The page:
The versatility and great look of stone has kept it in the forefront of custom home floor coverings for generations. Americans are obsessed with no cracks, etc., but note the timeless old world charm of stone in Europe and the overall look and warmth with or without slight imperfections. The beauty of natural materials is the diversity from piece to piece and quarry to quarry.
What is the difference between contemporary and old world looks? Usually the amount of sheen from the finish; honed for old world and polished for contemporary. Depending on the space the stone can either be laid square with the room, which is more common, or diagonally, which is more interesting and costly (more waste). In small spaces the square is usually better; in larger spaces the diagonal is usually better. Currently rectangular shapes are trending (typically laid square with the room) and large format options. The prep and products used for installation are critical as the surface needs to be smooth and flat. Use installers recommended by suppliers to avoid costly tear outs and breakage.
Stone can be tumbled, flamed, cross-cut or bush hammered to appear old. Avoid filled Travertine in steam showers as the fill will loosen. A stone base in areas with stone floors looks great and is very functional. It does not need to be filled stone. This base can also be recessed into the drywall.
With marble, travertine or other stones additional colors can be used for dots, contrast and detailing. Marble is currently widely used, especially for baths. Whatever the choice it is the starting point for colorization.
Typical sizing is
18” x 18” or 24” x 24” and other patterns using rectangular pieces.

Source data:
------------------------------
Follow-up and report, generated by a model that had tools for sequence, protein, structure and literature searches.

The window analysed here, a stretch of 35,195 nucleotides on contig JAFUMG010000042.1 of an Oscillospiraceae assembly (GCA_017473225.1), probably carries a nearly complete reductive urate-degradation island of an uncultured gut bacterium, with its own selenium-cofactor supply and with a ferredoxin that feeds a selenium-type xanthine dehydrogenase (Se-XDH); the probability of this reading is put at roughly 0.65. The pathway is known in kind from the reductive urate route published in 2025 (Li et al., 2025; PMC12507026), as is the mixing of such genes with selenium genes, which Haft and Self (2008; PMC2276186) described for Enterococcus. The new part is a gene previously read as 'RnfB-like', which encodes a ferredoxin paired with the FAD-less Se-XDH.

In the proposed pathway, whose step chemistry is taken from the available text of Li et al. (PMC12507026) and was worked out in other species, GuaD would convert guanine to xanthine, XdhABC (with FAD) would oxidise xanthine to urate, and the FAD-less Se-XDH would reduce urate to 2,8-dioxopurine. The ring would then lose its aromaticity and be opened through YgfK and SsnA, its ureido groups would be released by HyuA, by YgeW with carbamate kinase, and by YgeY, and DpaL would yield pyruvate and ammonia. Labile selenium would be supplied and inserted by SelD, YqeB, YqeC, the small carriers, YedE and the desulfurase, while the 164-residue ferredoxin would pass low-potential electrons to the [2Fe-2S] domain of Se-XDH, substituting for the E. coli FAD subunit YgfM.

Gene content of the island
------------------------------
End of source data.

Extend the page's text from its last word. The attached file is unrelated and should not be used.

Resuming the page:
Ashlar Limestone offers some lighter and grayer tones. Quartzite is very durable.
Glass, tiles, river rock pebbles and marble mosaics can add interest and diversity.
Travertine is often used as decking material and is cooler than concrete. Pavers and pool coping may be precut. The most popular materials will have the most options.
Creme of Marfel, Calcutta gold and grayer choices are plentiful. Check to see what trim or precut options are available to complete the entire space.
Tile sizes of 24” and larger have become the norm.
Grout-typically it is matching the material to give the most spacious look. A contrast color will make each tile show more. Mexican tile has grey grout. The installer should be using C-Cure or a quality grout.
The above materials require sealing and periodic resealing depending on use. Heavy use may require yearly maintenance. Light use may require every few years. We had Travertine in our last home for 13 years and resealed it once after the original coating.
If you want to inset contrasting tiles into a larger piece, consider the sizing of the inset for enough border space. It may be impossible to cut without breaking the larger piece.
Slate typically has a gray-base tone, and even though it may slough for a few months, the texture is great. It is more rustic than Travertine and less rustic than Flagstone.